The culture cells showed a decrease in GCLC and GSS expression when compared with no treated cells (P < 0.05). High GSH immunoexpression was associated with better clinical outcomes.

Conclusion

Therefore, high expression of the GSH seems to play an important role in the clinical outcome of patients with mammary tumors and suggest its use as prognostic marker. The in vitro doxorubicin treatment significantly reduces the expression of GCLC and GSS genes so we can consider them to be candidates for predictive markers of therapeutic response in mammary cancer.

Keywords:
Mammary neoplasia; Glutathione; Immunohistochemistry; Real-time PCR; Oxidative stress

Background

Clinical and molecular characteristics of tumors may assist in the development of more efficient and less toxic therapeutic strategies. In this way, the expression of antioxidant proteins in tumor cells has been investigated as a predictor and prognostic factor in cytotoxic treatment in breast cancer [1].

When there is an excessive production of reactive oxidative species (ROS), the antioxidant defense system is triggered, which is of great importance in the physiopathology of diverse cancer types, including breast cancer [2,3]. The consequence of this process is the loss of cellular function and progression towards cell death. Moreover, oxidative stress leads to DNA damage and mutations in tumor suppressor genes, events that can be important in the initiation of carcinogenesis [4].

GSH is a tripeptide of glycine, cysteine and glutamic acid that is found in high concentration intracellularly, being the most abundant low molecular mass thiol [5]. Synthesis of GSH requires the consecutive action of two enzymes, first glutamate-cysteine ligase (GCLC) that conjugates glutamic acid and cysteine forming gama-glutamyl cysteine. This compound containing cysteine with a sulfhydryl group (SH) is responsible for the antioxidant activity of GSH. The second reaction is the binding of gama-glutamyl cysteine with glycine by the enzyme glutathione synthetase (GSS), giving rise to the tripeptide gama-glutamyl cysteine glycine-glutathione [6,7].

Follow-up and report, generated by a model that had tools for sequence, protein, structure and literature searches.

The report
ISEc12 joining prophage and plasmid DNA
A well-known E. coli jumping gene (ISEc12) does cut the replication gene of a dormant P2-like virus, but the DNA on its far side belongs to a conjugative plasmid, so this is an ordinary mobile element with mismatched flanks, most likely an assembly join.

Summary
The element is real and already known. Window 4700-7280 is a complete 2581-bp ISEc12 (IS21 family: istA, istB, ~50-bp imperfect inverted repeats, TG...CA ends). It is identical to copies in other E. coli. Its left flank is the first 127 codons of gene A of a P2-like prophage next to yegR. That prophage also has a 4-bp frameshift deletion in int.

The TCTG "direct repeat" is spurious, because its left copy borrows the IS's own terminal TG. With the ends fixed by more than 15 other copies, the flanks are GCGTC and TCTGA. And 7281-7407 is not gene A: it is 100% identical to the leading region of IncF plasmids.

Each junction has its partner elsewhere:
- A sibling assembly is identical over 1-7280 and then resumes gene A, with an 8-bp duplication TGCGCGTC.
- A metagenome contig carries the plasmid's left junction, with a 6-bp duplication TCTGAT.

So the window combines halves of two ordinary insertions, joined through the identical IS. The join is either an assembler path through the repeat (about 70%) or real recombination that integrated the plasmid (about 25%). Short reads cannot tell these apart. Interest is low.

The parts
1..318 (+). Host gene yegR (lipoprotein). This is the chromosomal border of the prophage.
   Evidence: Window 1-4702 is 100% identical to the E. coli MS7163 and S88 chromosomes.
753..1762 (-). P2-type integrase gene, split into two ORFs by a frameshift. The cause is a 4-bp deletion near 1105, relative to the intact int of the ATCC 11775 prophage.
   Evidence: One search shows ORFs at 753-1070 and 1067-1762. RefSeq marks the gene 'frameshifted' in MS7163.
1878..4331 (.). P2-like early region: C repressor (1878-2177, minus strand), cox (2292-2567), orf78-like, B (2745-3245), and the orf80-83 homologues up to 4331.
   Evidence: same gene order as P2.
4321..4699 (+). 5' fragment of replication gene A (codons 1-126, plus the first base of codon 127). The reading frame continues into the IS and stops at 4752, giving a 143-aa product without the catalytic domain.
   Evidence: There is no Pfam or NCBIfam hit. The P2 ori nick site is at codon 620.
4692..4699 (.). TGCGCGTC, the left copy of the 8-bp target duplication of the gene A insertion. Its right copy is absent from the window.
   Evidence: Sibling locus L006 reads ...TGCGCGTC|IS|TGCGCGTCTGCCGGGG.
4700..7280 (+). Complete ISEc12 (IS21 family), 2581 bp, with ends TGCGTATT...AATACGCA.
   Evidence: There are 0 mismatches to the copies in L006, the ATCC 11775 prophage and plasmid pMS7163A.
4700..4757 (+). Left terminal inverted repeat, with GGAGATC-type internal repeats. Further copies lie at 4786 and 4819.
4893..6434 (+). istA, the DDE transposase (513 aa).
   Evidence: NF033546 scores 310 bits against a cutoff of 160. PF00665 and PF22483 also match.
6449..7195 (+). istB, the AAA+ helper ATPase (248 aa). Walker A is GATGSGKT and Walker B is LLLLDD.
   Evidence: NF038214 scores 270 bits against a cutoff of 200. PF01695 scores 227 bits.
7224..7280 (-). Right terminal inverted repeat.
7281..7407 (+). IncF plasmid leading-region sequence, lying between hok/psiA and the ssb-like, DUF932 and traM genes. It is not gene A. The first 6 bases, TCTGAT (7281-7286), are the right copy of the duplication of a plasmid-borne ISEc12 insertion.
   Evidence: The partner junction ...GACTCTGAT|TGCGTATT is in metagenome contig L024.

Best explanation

GSH-Px is an 80 kDa protein composed of four identical sub-units. Five isoforms of GSH-Px are well characterized in mammals and show tissue-specific distribution. Alteration of these enzyme levels are associated with diverse cancer types, including skin, kidney, intestine and breast cancer [8].

GSTs are a family of intracellular enzymes of detoxification phase II that catalyze diverse electrophilic compounds conjunction to GSH, blocking DNA mutations of the cells [9].

Admittedly, the classification of mammary neoplasms in female dogs is complex and detailed, but it cannot predict the progress of the illness and the survivor time of the animal with cancer nor the chemotherapeutic and/or hormonal treatment feedback. Nowadays, using the possibility of immunohistochemistry diagnosis of the tumors by biomarkers, prognosis can be more accurate and its predictable value can also direct genetic treatment. Besides, the biomarkers that apparently do not have independent prognostic value, together with the clinic-pathologic parameters, may assist in the evaluation of feedback to the patient’s clinical development.